Cannon Lane House
Studio: Claudio Silvestrin Architects
Project: Cannon Lane House
Category: Private Housing
Credit: James Morris, Giulia Ricagni, Pietro Savorelli
This newly built house is located in the hilly conservation area of Hampstead village in north-west London.
The project, commissioned by a developer with the intention of selling it to the luxury market, comprises a 5-storey house of 800m2, with an inset garage, 160m2 garden, and an indoor pool / spa.
From the street, at the top of a narrow lane, the house has a still and understated elegance, in brickwork and glass, that blends quietly into this historic corner of London (former inhabitants include the painter John Constable and writer Daphne du Maurier). But stepping inside is to enter into another world, as if by a clever twist of the hand in origami, a cottage has been transformed into a castle.
In warm earth tones, which range from honey through to bronze, and austere but luxurious lines, the interior contains the unique signature of architect Claudio Silvestrin.
The materials and colours are kept to a minimum: yellow-ochre porphyry on the walls (sourced from the Italian Dolomites), oxidised brass with a bronze finish (on handles, surfaces and railings), yellow-ochre porphyry, and oak on the floors. The simplicity invites touch, and the textures play with the senses: on one of the spiral staircases, natural untreated leather is juxtaposed to porphyry stone, white plaster and limestone, like an abstract composition – a sequence of quiet variations that might be compared to music. In the same way, there is a constant dialogue between the straight and the curved line, made sensual when they interact with the movement of the body.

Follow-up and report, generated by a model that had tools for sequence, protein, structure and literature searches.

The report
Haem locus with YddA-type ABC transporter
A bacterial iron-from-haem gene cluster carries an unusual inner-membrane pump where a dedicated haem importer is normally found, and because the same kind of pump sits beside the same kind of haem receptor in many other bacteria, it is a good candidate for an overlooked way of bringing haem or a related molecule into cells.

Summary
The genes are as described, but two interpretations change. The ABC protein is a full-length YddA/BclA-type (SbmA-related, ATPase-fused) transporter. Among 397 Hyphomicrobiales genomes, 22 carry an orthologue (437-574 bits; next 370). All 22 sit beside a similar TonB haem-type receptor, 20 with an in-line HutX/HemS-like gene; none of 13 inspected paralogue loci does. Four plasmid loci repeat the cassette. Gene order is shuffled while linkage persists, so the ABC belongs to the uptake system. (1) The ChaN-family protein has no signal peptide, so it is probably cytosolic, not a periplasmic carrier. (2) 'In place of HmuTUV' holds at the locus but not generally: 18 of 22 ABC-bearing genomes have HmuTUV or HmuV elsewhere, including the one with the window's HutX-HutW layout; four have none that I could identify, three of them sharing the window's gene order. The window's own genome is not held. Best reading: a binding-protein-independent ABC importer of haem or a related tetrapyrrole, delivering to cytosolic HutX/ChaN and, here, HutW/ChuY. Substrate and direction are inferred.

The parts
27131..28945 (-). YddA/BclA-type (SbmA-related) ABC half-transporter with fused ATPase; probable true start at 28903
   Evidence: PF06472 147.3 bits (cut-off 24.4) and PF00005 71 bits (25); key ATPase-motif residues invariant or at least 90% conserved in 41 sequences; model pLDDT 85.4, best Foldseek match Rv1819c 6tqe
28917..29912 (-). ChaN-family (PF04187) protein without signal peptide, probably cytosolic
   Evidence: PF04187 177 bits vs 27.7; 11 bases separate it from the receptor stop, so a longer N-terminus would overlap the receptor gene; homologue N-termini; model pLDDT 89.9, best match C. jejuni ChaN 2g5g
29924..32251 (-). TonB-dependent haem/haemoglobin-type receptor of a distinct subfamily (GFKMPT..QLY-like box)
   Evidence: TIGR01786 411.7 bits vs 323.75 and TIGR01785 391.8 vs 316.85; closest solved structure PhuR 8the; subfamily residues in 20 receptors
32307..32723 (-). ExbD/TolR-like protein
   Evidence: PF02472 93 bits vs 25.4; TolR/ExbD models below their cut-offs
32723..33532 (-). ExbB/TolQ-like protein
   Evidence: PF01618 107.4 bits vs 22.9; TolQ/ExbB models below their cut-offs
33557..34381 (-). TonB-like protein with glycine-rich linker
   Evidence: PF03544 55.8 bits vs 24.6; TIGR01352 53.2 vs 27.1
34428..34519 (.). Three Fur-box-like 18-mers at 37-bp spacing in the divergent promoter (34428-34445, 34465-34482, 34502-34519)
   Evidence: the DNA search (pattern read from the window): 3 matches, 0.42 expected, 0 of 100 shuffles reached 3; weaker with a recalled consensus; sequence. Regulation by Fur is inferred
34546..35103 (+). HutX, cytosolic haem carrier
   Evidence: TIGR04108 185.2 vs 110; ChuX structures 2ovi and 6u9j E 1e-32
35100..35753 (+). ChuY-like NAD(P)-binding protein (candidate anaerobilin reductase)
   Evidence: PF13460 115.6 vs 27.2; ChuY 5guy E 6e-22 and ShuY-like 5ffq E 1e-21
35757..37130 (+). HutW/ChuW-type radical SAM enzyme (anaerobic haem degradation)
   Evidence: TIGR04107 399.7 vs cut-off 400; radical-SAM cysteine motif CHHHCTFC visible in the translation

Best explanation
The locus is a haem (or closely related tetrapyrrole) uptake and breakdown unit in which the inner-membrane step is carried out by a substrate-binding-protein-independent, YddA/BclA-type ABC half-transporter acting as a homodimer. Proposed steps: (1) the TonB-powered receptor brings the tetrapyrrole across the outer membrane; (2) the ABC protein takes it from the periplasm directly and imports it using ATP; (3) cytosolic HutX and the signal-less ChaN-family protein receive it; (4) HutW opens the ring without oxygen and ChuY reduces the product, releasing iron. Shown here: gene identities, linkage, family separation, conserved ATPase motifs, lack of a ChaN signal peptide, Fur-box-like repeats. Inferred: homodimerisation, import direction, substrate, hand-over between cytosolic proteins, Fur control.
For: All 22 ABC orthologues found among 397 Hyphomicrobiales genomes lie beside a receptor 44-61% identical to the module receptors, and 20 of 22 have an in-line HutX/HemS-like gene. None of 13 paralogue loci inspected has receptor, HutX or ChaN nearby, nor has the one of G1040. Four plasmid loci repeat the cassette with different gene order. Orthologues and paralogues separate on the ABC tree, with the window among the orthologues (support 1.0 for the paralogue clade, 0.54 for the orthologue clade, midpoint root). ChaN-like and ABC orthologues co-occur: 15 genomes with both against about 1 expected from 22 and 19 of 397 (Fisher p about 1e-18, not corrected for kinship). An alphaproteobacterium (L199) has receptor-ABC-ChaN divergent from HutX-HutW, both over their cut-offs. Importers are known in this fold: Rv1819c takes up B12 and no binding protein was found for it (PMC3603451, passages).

There is also a dialogue between light and dark: subtle entry-points of light cast patterns of pale to golden energy on the ceilings and walls, and vertical window slits provide tantalising glimpses of trees and sky; while expansive curved windows and glass balconies are open to intimate views of the garden and more dramatic views of London, reaching to the Shard.
In one room, at the top of the house, a sequence of 3 oak steps in front of a window seems to invite both contemplation and spiritual meditation – a touch that is characteristic of Silvestrin’s work. The feeling is of a calm, serene, almost monastic space; and to achieve this simplicity, technology is mostly hidden. There is no ornamentation of any kind.
At the same time, there is drama: a stone staircase of 42 continuous steps leads down to a pool and spa, into which only a little concentrated light is permitted, giving it the feeling of a cave or other secret, ancient site.
A place of luxury, in terms of modern comforts (there is also a private cinema room), the house is also a demonstration of Silvestrin’s philosophy that extreme simplicity, with a perfection of line, material and orchestrated light, results also in a luxury of thought and spirit, and a connection to something beyond words, that is timeless and essential. As the poet John Keats, one of Hampstead’s most famous residents, wrote: ‘Touch has a memory.